The knowledge economy delusion

A key contributor to the economy’s vulnerability is a belief that our manufacturing heritage, with more than 250 years of deep experience, can be replaced by the “knowledge economy”. It is expected that the information technology revolution will do for us what the steam engine did in the 18th century.

That our ability to sell knowledge will be the game changer was recently challenged by international entrepreneur guru, Professor Andrew Graves, in a recent talk he gave at a Watershed event. He was clear: We are simply shifting wealth around and not creating or adding to it.

The scale of ambition to tackle this deep systemic deficit in the UK economy appears lilliputian against the size of the need.

The UK currently graduates 20,000 engineers a year – hopelessly too few for what is required by the economy. Unfortunately, 10,000 of those are foreign citizens who leave the country on graduation – a shocking figure given that at any one time Rolls Royce is short of around 600 engineers. By contrast, China and India are graduating engineers north of 200,000 a year. The mental and behavioural infrastructure to even contemplate producing these numbers begins at the earliest age and sits deep within the culture. It is a mindset which is developed over time and it cannot be bought off the shelf.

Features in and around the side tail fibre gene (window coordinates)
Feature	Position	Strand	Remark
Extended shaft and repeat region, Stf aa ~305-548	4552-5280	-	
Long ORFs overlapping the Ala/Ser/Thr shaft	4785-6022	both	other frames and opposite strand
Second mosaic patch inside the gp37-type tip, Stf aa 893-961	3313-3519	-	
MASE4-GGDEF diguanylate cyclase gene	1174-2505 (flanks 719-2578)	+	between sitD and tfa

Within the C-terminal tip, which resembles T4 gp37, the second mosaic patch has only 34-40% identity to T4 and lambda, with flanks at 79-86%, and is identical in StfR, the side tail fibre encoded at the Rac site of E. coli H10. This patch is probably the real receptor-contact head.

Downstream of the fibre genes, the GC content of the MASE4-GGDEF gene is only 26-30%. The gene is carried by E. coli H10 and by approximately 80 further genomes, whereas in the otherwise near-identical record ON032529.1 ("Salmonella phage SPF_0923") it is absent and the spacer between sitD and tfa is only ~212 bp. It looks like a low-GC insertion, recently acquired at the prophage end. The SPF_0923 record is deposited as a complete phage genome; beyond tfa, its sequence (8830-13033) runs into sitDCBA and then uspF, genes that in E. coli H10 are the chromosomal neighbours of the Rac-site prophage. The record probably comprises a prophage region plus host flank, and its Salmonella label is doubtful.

In his recent report dealing with re-engaging the entrepreneurial spirit in the UK, Lord Young suggested that an early start be made by engaging primary school children. The idea to give each pupil a £5 note and then see how they can increase the investment, to raise the awareness about entrepreneurial behaviour is a good place to start. This is laudable as its stands. Big things start off small. The challenge is to ensure that this headline catching idea moves from media-fueled transience into something substantial over time.

It is true. We do need to start young.

The UK needs to identify and develop a generation of wealth creators and for this to happen we need to re-engage with what constitutes entrepreneurial spirit. This is an inter-generational project which cannot be outsourced. It needs profound insourcing into our social and economic culture by people who have a heart for the reformation of an entrepreneurial mindset in our country.

As Peter Drucker observes, if we want to predict the future, we need to create it. We have everything at hand to flip us out of the economical downward spiral. It is called entrepreneurship and it can be used to re-ignite the decline in high-value jobs that are rooted in our manufacturing heritage that reaches back 250 years.

Simon Middleton is director of Watershed Entrepreneurs.

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